Cincinnati city manager releases budget plan

May 13, 2015

Cincinnati City Manager Harry Black.
Credit Tana Weingartner / WVXU

Cincinnati City Manager Harry Black presented his first budget Wednesday to Mayor John Cranley.  

Black said the proposed budget “does not use one-time sources to balance and strategically invests in areas ripe for improvement.”

In his message that accompanies the budget, Black says the plan “aims to take us to the next level.”

The administration presented an all-funds operating budget totaling $1 billion for fiscal year 2016 and $1.1 billion for fiscal year 2017.  The general fund portion is $375.5 million for FY2016 and $383.1 million for FY2017.  

Unlike previous years when the city’s general fund deficit was anywhere from $20 to $40 million, this year’s projected shortfall was $2.1 million.

There is some budget good news.  The city predicts income tax collections will increase by 3.7 percent.  Employee health care costs are down, the consent decree agreement on the pension system has stabilized city finances, and the Affordable Care Act has increased revenues for the city’s health department.

But there is also bad news.  The city’s fire department budget is increasing because federal grants to pay for new firefighters are expiring and all labor union contracts expire during the fiscal year and will have to be renegotiated.

City officials are proposing to keep the property tax millage rate the same for FY2016, but city residents could see a 5 percent increase on their water bills if Council ultimately approves the budget.

For the first time, this budget includes funding for streetcar operations.  Black wrote “the administration will monitor this closely to ensure the operating revenue projections materialize and the system does not burden the general fund.”

Black said the plan has five strategic priorities:  safer streets; thriving and healthy neighborhoods; a growing economy; innovative government; and fiscal sustainability and strategic investment.

1.    Safer Streets    
•    Increases funding for the police and fire departments
•    Police sworn strength is 1,024 officers
•    Fire sworn strength is 850 firefighters
•    Recruit classes of 30 police officers in FY2016 and FY2017
•    Civilianization of 10 police positions, meaning 10 officers on the street
•    $600,000 for police overtime to focus on crime hotspots
•    Additional money for the “Cincinnati Initiative to Reduce Violence”    
•    40 member fire recruit class in FY2016

2.    Thriving/Health Neighborhoods
•    $6,800 for neighborhood community councils
•    $4,530 for neighborhood business districts
•    New “Community Engagement Challenge Grant Initiative”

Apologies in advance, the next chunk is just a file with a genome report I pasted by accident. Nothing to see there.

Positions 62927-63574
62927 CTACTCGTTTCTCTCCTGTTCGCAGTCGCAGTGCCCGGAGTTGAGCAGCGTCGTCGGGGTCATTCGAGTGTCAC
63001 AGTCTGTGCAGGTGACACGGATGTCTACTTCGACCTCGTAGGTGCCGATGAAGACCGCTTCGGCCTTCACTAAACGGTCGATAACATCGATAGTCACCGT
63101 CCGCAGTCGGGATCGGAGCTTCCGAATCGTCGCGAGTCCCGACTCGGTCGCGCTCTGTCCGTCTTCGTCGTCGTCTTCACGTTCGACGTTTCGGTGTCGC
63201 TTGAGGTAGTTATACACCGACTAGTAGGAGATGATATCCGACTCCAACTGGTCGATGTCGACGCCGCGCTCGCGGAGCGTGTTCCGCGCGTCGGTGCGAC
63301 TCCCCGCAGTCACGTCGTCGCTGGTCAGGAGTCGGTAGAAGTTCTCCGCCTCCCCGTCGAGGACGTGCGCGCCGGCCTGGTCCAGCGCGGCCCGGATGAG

•    Increased funding for blight reduction

3.    A Growing Economy
•    Continued funding and investment for projects already underway:
        GE at The Banks; 4th and Race; Wasson Way Bike Trail
•    Funds for City’s first department of Economic Inclusion
•    Reorganized Community and Econ Development Department
•    Stand-along Planning Department
•    Re-constituted Department of Buildings and Inspection

4.    Innovative Government
•    Creation of Office of Performance and Data Analytics
•    Use of Innovation Lab to find operating efficiencies
•    Performance management agreements with various department heads
    
5.    Fiscal Sustainability and Strategic Re-investment
•    Funding to comply with consent decree recommendations on pension system
•    Additional $91 million in six-year capital budget to improve city streets and bring the city’s fleet of vehicles back into life cycle.
•    Additional funds for information technology and making city’s website more of a source of two-way communication

The police officer number could bring complaints from the Fraternal Order of Police and some city council members.

FOP President Kathy Harrell recently told a council committee the sworn strength should be 1,135 officers.  At least two council members said publicly they support that number.  Harrell also is opposed to hiring 10 civilians to replace officers who would be reassigned to the streets.

Mayor John Cranley has already forwarded the budget to city council.

Council’s Budget and Finance Committee will hold five public hearing on the budget before taking a final vote sometime in mid-June.

  • Wednesday, May 27, 2015 - 6 p.m. Saylor Park Recreation Center
  • Thursday, May 28, 2015 - 6 p.m. Roselawn Athletic Center
  • Monday, June 1, 2015 - 6 p.m. Madisonville Recreation Center
  • Tuesday, June 2, 2015 - 6 p.m. Mt. Airy Elementary School
  • Thursday, June 4, 2015 - 6 p.m. Price Hill Recreation Center